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How about checking with the target before posting that blog post?

In the latest reminder that in the "rush to publish", blog writers need to remember some of the basic rules of journalism, last Friday Duncan Riley over at TechCrunch came out with "Twitter Testing Advertising in Twitter Streams". Given Twitter's current prominence in the social media playground, this naturally set off a blogstorm of commentary around the potential of ads in Twitter.

And then Vasanth Sridharan over at Silicon Alley Insider did what should have been done at the beginning... he checked with the folks at Twitter! Their answer... no ads in Twitter.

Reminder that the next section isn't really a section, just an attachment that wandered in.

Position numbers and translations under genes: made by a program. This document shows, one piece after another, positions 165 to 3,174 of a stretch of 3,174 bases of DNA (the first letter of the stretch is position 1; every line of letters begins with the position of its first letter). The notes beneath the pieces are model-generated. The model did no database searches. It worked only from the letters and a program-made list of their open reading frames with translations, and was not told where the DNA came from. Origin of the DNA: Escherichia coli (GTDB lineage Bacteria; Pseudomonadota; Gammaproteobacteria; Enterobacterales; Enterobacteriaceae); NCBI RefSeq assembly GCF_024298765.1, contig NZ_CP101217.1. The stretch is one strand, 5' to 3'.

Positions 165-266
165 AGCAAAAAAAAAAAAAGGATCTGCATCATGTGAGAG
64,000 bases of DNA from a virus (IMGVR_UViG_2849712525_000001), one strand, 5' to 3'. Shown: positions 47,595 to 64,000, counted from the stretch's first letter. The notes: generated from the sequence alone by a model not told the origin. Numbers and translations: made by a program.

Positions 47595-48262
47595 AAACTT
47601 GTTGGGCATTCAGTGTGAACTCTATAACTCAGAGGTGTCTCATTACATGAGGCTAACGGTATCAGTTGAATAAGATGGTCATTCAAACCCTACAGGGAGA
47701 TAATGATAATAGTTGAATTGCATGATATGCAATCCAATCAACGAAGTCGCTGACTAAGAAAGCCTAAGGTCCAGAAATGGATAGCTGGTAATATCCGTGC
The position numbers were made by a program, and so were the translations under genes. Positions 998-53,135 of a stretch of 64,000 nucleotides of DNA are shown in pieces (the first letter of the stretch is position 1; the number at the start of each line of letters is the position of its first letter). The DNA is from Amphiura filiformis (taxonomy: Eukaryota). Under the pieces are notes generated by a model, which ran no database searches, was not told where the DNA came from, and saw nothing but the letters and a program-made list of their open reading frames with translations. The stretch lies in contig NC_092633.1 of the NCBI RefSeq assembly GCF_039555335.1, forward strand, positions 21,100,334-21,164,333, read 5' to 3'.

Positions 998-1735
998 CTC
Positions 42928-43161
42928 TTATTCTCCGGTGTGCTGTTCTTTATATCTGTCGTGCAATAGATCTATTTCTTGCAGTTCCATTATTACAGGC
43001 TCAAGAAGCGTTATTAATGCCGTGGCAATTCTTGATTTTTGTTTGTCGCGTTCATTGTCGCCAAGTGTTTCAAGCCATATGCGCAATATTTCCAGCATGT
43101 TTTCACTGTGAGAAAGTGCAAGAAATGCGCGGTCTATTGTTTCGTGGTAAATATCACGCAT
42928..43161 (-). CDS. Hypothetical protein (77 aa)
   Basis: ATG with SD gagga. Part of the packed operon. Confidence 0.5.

Now, sure, Duncan Riley and the TechCrunch crowd are in the business of breaking news and in an era when gaining the credibility as a place to get breaking news means being only minutes (or even seconds) ahead of your competitors, I can understand why he ran with it. But it does seem odd given that it's Twitter and all of us on the service are so interconnected, that a quick fact check with the folks at Twitter couldn't have been done. (I also agree with I know that most all of us in the blogging world weren't schooled in the traditional ethics of journalism... nor do we necessarily claim to be journalists... but on a certain level, it seems to me to just be plain old common senses:

If you are going to write about someone, why not check with them about the accuracy of your story first?

Kudos to the Silicon Alley Insider folks for doing the right thing. P.S. On a similar vein, "Veracity: The Future of New Journalism" (although I agree with Mathew Ingram that spelling is also important!)

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